Samson killed a lion, escaped fire and killed many Philistines by his faith (Heb. 11:32-34)- so the Spirit tells us. Yet these things were all done by him at times when he had at best a partial faith. He had a worldly Philistine girlfriend, a sure grief of mind to his Godly parents, and on his way to the wedding he met and killed a lion- through faith, Heb. 11 tells us (Jud. 14:1-7). The Philistines threatened to burn him with fire, unless his capricious paramour of a wife extracted from him the meaning of his riddle. He told her, due, it seems, to his hopeless sexual weakness. He then killed 30 Philistines to provide the clothes he owed the Philistines on account of them answering the riddle (Jud. 14:15-19). It is evident that Samson was weak in many ways at this time; the Proverbs make many allusions to him, the strong man ruined by the evil Gentile woman, the one who could take a city but not rule his spirit etc. And yet underneath all these weaknesses, serious as they were, there was a deep faith within Samson which Heb. 11 highlights.

The latter day invader is likened to a beast devouring Israel (Joel 1:6), having the Assyrian invader as its prototype. But the Philistines are here likened to a lion ravaging God's people, the vineyard of God. Thus the period of invasions by Israel's smaller neighbours is a prelude to the final invasion by Assyria/Babylon. These larger powers are also symbolized by the lion (Jer. 50:17).

Jdg 14:7 He went down and talked with the woman, and she pleased Samson well-
This again indicates that he didn't simply and totally use her as a tool towards his purpose of killing Philistines. He did really love her, and was wrong in this.

Jdg 14:8 After a while he returned to take her-
Samson is described as wanting to "take" a wife; this Hebrew word is 51 times translated 'take away', 31 times 'fetch'. He evidently didn't intend to live there with her; he wanted her to come and live with him in the Israelite encampment, four miles up in the hills from the valley where she lived.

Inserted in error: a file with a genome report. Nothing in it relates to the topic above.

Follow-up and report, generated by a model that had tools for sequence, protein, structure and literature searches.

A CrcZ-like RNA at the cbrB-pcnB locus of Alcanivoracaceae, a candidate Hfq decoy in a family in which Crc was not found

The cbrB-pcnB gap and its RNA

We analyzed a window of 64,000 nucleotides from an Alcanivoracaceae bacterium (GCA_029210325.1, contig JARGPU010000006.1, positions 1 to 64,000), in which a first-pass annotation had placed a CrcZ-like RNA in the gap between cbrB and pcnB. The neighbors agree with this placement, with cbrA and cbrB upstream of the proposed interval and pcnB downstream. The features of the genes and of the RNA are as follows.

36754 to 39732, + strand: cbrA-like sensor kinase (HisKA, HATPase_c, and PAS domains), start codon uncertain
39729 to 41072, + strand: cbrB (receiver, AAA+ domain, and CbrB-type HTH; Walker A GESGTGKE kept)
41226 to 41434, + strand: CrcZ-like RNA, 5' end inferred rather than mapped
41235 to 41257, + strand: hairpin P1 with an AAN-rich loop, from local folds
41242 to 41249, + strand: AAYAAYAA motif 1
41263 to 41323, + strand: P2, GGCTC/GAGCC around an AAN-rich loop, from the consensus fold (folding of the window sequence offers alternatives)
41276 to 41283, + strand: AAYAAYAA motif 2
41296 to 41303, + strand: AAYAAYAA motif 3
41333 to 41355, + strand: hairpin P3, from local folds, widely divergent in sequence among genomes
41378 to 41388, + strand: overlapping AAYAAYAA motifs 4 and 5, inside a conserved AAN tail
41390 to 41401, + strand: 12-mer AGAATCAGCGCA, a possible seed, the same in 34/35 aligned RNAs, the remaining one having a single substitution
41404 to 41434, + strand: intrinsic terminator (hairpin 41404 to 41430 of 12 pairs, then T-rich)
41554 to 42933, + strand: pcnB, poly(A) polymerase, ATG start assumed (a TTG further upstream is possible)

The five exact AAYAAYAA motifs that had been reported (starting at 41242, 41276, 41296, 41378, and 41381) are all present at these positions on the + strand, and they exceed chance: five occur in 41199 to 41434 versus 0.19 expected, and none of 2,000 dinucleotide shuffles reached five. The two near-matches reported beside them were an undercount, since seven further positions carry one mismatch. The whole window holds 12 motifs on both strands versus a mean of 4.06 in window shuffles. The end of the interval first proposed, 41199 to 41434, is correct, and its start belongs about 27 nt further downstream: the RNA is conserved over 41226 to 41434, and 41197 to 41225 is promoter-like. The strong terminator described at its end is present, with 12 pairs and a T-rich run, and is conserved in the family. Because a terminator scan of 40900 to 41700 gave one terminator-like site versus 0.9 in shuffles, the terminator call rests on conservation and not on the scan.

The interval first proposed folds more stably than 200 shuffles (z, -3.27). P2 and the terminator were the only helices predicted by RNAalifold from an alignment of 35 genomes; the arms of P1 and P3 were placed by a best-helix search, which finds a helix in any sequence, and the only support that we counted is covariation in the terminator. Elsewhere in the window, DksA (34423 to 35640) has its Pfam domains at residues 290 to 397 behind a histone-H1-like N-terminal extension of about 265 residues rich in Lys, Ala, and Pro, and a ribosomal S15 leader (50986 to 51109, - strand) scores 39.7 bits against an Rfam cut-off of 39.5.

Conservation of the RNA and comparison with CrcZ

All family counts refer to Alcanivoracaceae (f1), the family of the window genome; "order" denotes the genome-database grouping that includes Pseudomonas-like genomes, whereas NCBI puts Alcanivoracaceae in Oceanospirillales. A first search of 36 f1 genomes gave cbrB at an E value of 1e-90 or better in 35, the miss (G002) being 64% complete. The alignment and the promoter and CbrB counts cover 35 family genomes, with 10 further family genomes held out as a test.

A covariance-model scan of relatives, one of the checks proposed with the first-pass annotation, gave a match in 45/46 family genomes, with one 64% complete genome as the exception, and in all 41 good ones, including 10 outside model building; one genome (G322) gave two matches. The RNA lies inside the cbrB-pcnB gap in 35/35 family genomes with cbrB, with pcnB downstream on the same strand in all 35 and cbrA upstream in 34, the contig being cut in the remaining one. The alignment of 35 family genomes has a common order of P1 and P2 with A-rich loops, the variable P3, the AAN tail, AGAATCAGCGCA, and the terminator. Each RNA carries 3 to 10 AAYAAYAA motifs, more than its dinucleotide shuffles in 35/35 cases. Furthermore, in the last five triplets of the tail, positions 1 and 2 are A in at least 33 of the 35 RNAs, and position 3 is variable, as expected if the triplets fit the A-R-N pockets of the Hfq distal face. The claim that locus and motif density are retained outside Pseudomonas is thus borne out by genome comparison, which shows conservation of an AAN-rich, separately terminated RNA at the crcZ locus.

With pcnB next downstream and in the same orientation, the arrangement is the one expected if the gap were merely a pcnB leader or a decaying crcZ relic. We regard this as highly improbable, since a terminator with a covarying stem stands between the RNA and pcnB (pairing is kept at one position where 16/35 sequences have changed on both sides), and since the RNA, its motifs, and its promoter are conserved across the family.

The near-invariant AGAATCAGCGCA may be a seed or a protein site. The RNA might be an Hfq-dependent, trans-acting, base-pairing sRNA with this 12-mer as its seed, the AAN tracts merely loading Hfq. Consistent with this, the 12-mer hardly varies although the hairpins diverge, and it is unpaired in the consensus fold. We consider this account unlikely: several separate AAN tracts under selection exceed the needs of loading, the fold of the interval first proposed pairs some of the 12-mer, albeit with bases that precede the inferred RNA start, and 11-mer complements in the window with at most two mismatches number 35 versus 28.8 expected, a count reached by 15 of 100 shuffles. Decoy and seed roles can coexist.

And he turned aside to see the carcass of the lion. In it there was a swarm of bees, in the body of the lion, and honey-
God sent the lion against Samson. He did this in order to go along with Samson's symbolic thoughts, and this may afford some justification for Samson's marriage. He was there, wandering in those vineyards, meditating how they were representative of the blessings which belonged to Israel, and yet they were now in the hands of God's enemies. And then, God furthers the parable: He sends a lion, symbolic of the Philistines, and Samson is given power to overcome him. And further, when Samson returned to the carcass to meditate deeper on 'the fallen one' (14:8 doesn't use the usual word for 'carcass'- s.w. " fall" Prov. 29:16; Ez. 26:15; 27:27; 31:13), "behold, there was a swarm of bees and honey in the carcass of the lion" (14:8). The Hebrew for "swarm" is normally used (124 times) about a congregation of people, often God's people Israel. And the Hebrew for 'Bee' is 'Deborah', a celebrated earlier judge. God was surely teaching him that through his victory over the Philistine lion, God's people could be inspired to be faithful, and would therefore be able to enjoy the promised blessing of honey, taken out of the Philistines. Samson saw all this; for he "took" (Heb. is usually used in the sense of 'to take dominion over') the honey, partook himself, and shared it with others. In all this there is a detailed type of the Lord's representative sacrifice on the cross. On the cross, He won the victory over the lion of the devil (1 Pet. 5:8 cp. Heb. 2:14; 1 Jn. 3:8 may allude to Samson's victory). This enabled us to be empowered to partake the Kingdom blessings. As Samson walked away from the carcass some days after killing it (14:8 Heb. "a time" = 'days'- three days?), with the honey in his hands, eating it and offering it to others, so the Lord left the empty tomb. See on :9.

Samson discovered a congregation (Heb. 'edat) of bees- deborim , in Hebrew. The judge Deborah would've been fairly recent history for Samson; she would have been the heroine of anyone like Samson, who also arose to save Israel from their enemies at that time. Surely he was being gently led to reflect that there were a whole congregation of Deborahs ['bees'] around, and he should eat of them. And yet Samson went his loner road, and suffered the consequences of it- rather like Elijah, who was in denial of the fact there were actually at least another 7000 in Israel who had not bowed the knee to Baal. Or perhaps Samson was simply being asked to execute his deliverance of Israel after the pattern of Deborah, to 'eat' of her, to fellowship her example and spirit. But he chose not to 'get it'; as we so often do in the countless nudges and prods which God gives us in daily life.

Jdg 14:9 which he took it into his hands and went on, eating as he went. He came to his father and mother and gave some to them and they ate, but he didn’t tell them that he had taken the honey out of the body of the lion-